Hannibal Heyes and Kid Curry, two of the most wanted outlaws in the history of the West, are popular "with everyone except the railroads and the banks", since "in all the trains and banks ...
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A Seinfeldesque "show about nothing" begins with plenty as Heyes, Curry, a doctor, an undertaker and a cowboy see an old man stagger and fall in the street. It takes all of them to lift him because ...
Hannibal and the Kid have finally found good jobs in a town where they can really fit in. So why is everyone trying to convince them to get out of town? And more to the point; why are they being so ...
Desperate to leave a town where the sheriff knows them on sight, Hayes and Curry steal train tickets and board a sold-out train bound for Brimstone. They discover that the men they are impersonating ...
The Cannon family runs the High Chaparral Ranch in the Arizona Territory in 1870s. Big John wants to establish his cattle empire despite Indian hostility. He's aided by brother Buck and son... See full summary »
Sam McCloud is a Marshal from a Taos, New Mexico, who takes a temporary assignment in the New York City Police. His keen sense of detail and detecting subtle clues, learned from his experience, enable him to nab unsuspecting criminals despite his unbelieving boss.
Bret and Bart Maverick (and in later seasons, their English cousin, Beau) are well dressed gamblers who migrate from town to town always looking for a good game. Poker (5 card draw) is ... See full summary »
The Shiloh Ranch in Wyoming Territory of the 1890s is owned in sequence by Judge Garth, the Grainger brothers, and Col. MacKenzie. It is the setting for a variety of stories, many more ... See full summary »
This is the sequel to the mini-series, RICH MAN, POOR MAN. It begins with Rudy Jordache apprehending the man who killed his brother, Falconetti. He then also takes in his nephew, Wesley. He... See full summary »
James Carroll Jordan
Stories of the journeys of a wagon train as it leaves post-Civil War Missouri on its way to California through the plains, deserts and Rocky Mountains. The first treks were led by gruff, ... See full summary »
Zeb Macahan, a pioneering westerner, help's move his brother's family to the wild west. They run into several obstacles including the breakout of the Civil War. This sends the father back ... See full summary »
Eva Marie Saint,
Hannibal Heyes and Kid Curry, two of the most wanted outlaws in the history of the West, are popular "with everyone except the railroads and the banks", since "in all the trains and banks they robbed, they never shot anyone". They are offered an amnesty on condition that they stay out of trouble for a year and that they don't tell anyone about it. With a view to keeping their noses clean they adopt the identities of Smith and Jones and use all of their ingenuity keeping out of the way of the law. Written by
The tragic death of series star Pete Duel on December 31, 1971 was not acknowledged by ABC when the next episode aired as scheduled on Thursday January 6, 1972. See more »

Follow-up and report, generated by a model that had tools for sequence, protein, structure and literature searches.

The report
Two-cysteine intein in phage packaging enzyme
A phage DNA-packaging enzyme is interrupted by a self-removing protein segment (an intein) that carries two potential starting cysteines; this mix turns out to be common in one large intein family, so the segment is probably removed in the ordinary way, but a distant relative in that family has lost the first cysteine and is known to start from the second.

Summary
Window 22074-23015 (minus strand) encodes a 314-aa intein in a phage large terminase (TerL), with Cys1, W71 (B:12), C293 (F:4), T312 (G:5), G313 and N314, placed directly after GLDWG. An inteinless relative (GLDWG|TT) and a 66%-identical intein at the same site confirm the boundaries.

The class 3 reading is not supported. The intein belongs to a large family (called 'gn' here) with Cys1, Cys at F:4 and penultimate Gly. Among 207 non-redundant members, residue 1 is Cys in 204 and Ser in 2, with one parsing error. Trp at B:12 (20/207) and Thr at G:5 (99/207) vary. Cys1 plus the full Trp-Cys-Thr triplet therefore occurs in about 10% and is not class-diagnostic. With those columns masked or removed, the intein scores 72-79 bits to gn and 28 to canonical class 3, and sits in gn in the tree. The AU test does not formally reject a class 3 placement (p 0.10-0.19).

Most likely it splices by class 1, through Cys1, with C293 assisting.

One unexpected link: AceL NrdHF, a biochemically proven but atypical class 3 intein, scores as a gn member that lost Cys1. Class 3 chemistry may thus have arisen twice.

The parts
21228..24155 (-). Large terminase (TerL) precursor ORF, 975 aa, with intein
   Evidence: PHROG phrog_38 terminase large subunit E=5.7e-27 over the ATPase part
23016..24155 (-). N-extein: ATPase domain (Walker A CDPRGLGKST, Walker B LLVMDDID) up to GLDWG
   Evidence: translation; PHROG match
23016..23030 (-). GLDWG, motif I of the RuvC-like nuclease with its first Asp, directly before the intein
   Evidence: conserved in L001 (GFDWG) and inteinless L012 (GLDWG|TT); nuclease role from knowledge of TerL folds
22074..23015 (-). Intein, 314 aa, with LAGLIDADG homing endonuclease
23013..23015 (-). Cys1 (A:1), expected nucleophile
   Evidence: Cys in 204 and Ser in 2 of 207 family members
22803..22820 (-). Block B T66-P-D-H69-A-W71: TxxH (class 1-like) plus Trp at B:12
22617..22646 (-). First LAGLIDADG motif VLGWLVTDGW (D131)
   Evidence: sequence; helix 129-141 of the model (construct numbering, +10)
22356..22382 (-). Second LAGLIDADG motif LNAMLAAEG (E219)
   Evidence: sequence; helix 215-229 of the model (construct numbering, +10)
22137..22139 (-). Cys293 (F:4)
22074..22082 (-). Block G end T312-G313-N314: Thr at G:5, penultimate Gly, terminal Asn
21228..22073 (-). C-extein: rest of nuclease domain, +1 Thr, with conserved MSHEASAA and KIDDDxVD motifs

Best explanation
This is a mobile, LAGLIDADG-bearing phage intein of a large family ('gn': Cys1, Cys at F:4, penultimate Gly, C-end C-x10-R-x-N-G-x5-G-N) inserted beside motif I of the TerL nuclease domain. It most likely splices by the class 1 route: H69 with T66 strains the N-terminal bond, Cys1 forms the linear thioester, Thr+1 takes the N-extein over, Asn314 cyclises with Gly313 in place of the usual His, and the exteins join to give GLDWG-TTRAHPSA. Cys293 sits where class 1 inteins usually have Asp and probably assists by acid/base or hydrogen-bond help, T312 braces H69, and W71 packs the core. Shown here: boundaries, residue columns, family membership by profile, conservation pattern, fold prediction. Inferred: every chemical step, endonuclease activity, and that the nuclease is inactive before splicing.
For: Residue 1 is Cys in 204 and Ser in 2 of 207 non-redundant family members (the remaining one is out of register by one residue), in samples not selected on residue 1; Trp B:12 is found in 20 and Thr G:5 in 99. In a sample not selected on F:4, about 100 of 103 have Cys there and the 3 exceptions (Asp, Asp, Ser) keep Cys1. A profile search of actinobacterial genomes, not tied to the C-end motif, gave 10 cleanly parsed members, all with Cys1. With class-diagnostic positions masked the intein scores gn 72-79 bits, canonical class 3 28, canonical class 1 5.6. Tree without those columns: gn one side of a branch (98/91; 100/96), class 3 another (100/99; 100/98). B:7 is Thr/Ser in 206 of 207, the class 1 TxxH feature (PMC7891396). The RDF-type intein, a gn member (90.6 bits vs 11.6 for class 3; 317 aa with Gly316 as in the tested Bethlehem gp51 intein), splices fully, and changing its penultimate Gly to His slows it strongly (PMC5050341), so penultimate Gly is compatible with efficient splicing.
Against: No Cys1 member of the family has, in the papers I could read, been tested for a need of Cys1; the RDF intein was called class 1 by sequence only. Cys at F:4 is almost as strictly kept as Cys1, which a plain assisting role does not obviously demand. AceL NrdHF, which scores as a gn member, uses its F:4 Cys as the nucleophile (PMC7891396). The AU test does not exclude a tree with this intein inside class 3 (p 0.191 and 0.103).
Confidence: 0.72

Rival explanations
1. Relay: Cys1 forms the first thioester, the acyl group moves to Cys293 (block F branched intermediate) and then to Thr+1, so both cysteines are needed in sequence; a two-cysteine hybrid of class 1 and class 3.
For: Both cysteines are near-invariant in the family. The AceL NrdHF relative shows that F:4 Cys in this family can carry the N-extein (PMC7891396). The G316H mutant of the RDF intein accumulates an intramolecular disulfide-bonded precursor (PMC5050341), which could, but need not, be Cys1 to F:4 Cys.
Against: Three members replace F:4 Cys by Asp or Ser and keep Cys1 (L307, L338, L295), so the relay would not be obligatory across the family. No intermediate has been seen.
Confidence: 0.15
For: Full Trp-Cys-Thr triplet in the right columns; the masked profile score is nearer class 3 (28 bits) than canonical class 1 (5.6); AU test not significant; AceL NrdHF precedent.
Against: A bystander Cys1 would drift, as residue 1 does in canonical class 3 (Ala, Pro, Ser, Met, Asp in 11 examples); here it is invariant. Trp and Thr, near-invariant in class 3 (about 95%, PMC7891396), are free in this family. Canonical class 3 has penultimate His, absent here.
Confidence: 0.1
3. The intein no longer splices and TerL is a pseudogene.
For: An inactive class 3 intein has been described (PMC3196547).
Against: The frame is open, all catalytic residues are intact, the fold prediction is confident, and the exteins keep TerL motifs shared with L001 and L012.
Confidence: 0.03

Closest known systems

During the entire show, Heyes and Curry have either one pair of saddlebags each, or nothing at all, yet they continually appear in different recurring outfits, including heavy coats, suits (with matching hats), and different vest/jacket combinations. See more »
[first lines for first season's episodes]
[narrator speaks over scenes of Heyes and Curry committing various robberies]
Hannibal Heyes and Kid Curry - the two most successful outlaws in the history of the West. And in all the trains and banks they robbed, they never shot anyone. This made our two latter-day Robin Hoods very popular - with everyone but the railroads and the banks.
[cut to scene of posse in hot pursuit of Heyes and Curry]
Jed 'Kid' Curry:
There's one we thing we gotta get, Heyes.
Jed 'Kid' Curry:
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A unique Western series - of wit, charm and poignancy
In the world of "Smith and Jones" nothing and no one can be trusted. Heyes and the Kid are wanted outlaws, but compared to the respectable citizens - lawyer, sheriff, banker, nun - who swindle, lie, betray and try to kill them, they are new-born innocents. No matter how brilliant Heyes' latest scheme, it's bound to end in disaster, and even if they DO make a little money, someone will steal it. Not that WE are any better at knowing what will happen next:
"Everything's under CONTROL!" cries the harassed deputy, and the Bank explodes.
Heyes and the Kid are not great romantic rebels like Butch Cassidy and Sundance; they are just, like the rest of us, trying to earn an honest living in a treacherous world. But they ARE inspiring nonetheless in the depth of their friendship - at a crisis, they never have to confer -and in their empathy with other outcasts:
"We like to think there's a little bad in everyone," says Heyes, enjoying the joke.
While earlier Western series may have tended to sermonize, "Smith and Jones" never takes itself too seriously, but charms us with its modesty into acceptance of the values it recommends.
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